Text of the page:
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Consider a measure space $\left(S,\Sigma\right)$ where each state $s\in S$ can be expressed as $s=\left(x,c\right)$, where $x\in\mathbb R$ and $c\in\mathbb N$. E.g., suppose $s$ denotes the state of a particle, where $x$ is its position and $c$ is its colour (or some analogous discrete property).

Consider a probability measure $P$ on $\left(S,\Sigma\right)$. Is it safe to say that there exists a measure $\mu$ such that $P$ has density $p$ with respect to $\mu$? I'd say this measure is neither the Lebesgue nor the counting measure as the measure space is neither discrete nor continuous, but does it always exit?

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  • $\begingroup$ My answer below explains the proper way of using the word "discrete" in this context (which differs from what your question seems to suggest) and says something about how "continuous" is to be understood as well. $\endgroup$ Dec 2, 2023 at 19:29
  • $\begingroup$ Can you just take $\mu = P$? Then $P$ has density identically $1$ with respect to $\mu$. $\endgroup$ Dec 2, 2023 at 20:22
  • $\begingroup$ I'd like to write a density with respect to a different measure, e.g. the product measure of the Lebesgue and counting measures. $\endgroup$ Dec 3, 2023 at 13:36
  • $\begingroup$ Well, then it depends on what "different measure" you have in mind. There's no universal choice. Indeed, given any $\sigma$-finite measure $\mu$ on an uncountable Polish space $S$, there exists a probability measure $P$ which is singular to $\mu$. $\endgroup$ Dec 4, 2023 at 7:59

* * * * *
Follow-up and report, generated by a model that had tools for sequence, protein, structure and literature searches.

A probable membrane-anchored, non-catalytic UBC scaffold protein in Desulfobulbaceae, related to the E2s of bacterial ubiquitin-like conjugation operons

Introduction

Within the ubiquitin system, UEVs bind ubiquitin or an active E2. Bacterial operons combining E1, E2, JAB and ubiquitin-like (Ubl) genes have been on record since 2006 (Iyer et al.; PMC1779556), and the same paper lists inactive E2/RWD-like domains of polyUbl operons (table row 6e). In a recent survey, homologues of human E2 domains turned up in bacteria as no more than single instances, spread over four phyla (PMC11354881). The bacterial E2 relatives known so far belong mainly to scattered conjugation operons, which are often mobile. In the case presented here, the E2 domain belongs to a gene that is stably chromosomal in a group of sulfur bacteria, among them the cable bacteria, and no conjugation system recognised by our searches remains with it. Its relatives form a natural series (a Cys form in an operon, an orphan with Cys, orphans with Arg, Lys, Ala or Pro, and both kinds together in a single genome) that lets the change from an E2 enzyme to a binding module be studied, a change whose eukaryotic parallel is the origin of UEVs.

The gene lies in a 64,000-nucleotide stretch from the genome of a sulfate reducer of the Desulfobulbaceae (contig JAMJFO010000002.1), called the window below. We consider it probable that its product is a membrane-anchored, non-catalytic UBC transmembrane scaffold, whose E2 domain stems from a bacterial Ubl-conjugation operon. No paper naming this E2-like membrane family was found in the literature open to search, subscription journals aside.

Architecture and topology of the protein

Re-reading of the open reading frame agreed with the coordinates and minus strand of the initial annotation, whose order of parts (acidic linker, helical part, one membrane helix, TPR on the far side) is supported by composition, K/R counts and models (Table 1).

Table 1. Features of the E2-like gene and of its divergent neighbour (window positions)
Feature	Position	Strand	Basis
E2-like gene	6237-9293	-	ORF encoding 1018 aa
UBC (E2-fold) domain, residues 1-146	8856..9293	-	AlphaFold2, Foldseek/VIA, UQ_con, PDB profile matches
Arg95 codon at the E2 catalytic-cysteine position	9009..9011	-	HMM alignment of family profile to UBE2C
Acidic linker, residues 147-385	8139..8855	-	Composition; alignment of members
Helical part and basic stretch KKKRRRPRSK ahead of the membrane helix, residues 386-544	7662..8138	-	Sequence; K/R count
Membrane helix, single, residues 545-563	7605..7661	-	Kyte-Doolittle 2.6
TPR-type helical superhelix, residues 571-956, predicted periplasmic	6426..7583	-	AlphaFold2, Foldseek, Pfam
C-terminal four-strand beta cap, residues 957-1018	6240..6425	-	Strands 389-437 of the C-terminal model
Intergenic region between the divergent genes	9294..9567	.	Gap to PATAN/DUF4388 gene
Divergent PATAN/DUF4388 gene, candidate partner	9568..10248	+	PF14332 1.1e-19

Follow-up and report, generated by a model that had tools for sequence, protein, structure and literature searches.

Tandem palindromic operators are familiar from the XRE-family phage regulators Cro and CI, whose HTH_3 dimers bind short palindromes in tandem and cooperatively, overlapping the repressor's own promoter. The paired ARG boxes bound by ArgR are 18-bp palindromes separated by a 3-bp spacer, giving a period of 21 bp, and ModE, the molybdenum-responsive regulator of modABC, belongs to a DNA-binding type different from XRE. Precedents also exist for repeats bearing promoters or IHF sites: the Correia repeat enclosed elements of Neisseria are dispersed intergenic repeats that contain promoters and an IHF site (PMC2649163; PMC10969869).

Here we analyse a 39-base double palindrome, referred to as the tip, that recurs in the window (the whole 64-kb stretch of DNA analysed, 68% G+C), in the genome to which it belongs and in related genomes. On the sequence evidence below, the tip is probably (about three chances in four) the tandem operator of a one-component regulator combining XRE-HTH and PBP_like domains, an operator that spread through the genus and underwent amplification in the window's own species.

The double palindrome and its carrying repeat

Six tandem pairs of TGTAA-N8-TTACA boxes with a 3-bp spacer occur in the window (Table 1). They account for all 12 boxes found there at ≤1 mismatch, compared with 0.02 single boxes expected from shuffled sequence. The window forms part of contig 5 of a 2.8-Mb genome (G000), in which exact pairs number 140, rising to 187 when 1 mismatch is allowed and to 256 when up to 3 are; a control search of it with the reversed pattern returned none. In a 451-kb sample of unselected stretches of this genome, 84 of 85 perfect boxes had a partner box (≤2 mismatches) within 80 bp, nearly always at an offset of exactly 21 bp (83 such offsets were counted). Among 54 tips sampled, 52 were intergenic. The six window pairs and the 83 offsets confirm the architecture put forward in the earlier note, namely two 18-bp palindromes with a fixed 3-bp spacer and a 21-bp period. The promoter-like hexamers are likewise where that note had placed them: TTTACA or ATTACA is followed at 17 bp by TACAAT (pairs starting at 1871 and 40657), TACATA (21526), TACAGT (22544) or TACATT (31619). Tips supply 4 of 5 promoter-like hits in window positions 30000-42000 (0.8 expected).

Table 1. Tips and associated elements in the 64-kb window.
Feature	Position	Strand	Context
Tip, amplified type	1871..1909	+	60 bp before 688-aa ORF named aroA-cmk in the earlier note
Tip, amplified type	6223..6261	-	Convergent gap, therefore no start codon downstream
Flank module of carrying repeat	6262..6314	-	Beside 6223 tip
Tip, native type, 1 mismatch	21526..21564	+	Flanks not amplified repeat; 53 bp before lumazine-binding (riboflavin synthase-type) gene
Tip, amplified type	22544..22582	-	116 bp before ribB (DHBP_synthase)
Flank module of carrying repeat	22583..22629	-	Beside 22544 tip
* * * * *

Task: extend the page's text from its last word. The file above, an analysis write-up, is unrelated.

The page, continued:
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A discrete probability distribution is one made up entirely of point masses; i.e. there is some set $S_1\subseteq S$ for which, for every $s\in S_1,$ the probability $P\{s\}$ assigned to the set $\{s\}$ is positive, and $\sum_{s\in S_1} P\{s\} = 1.$

A probability measure $P$ is a mixture – a weighted average – of a discrete probability distribution and a distribution with no discrete part precisely if $\sum_{s\in S_1} P\{s\}<1$ where $S_1 = \{ s\in S : P\{s\}>0\} \ne\varnothing. $

A probability distribution has no discrete part if for all $s\in S,$ $P\{s\}=0.$

In all of the above I avoided the word "continuous." More on that below.

There is nothing in your description that implies that a probability measure on your space has any discrete part.

If $X$ is a random variable taking values in the space you describe, certainly the $c$ component of $X$ – call it $c(X)$ – is a random variable whose probability distribution is discrete.

But that doesn't mean $X$ itself as a positive probability of being at any one point.

"Continuous" can mean having a density, which in many contexts is equivalent to being absolutely continuous with respect to some underlying measure. Having a density is always a sufficient condition for absolute continuity.

But sometimes "continuous" means having a continuous cumulative distribution function. That is a sufficient condition for having no discrete part, but does not entail that there is a density function.

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Your notion of “has a density with respect to another measure” is essentially the notion of “absolute continuity”. Not all measures are absolutely continuous with respect to another, though one can often decompose a measure into an absolutely continuous part (which “admits a density”) and a part that does not, see Lebesgue’s decomposition theorem.

Trivially, any measure is absolutely continuous with respect to itself, but this is likely not what you’re interested in, and instead it sounds like you are interested if it is absolutely continuous with respect to something like the Lebesgue measure.

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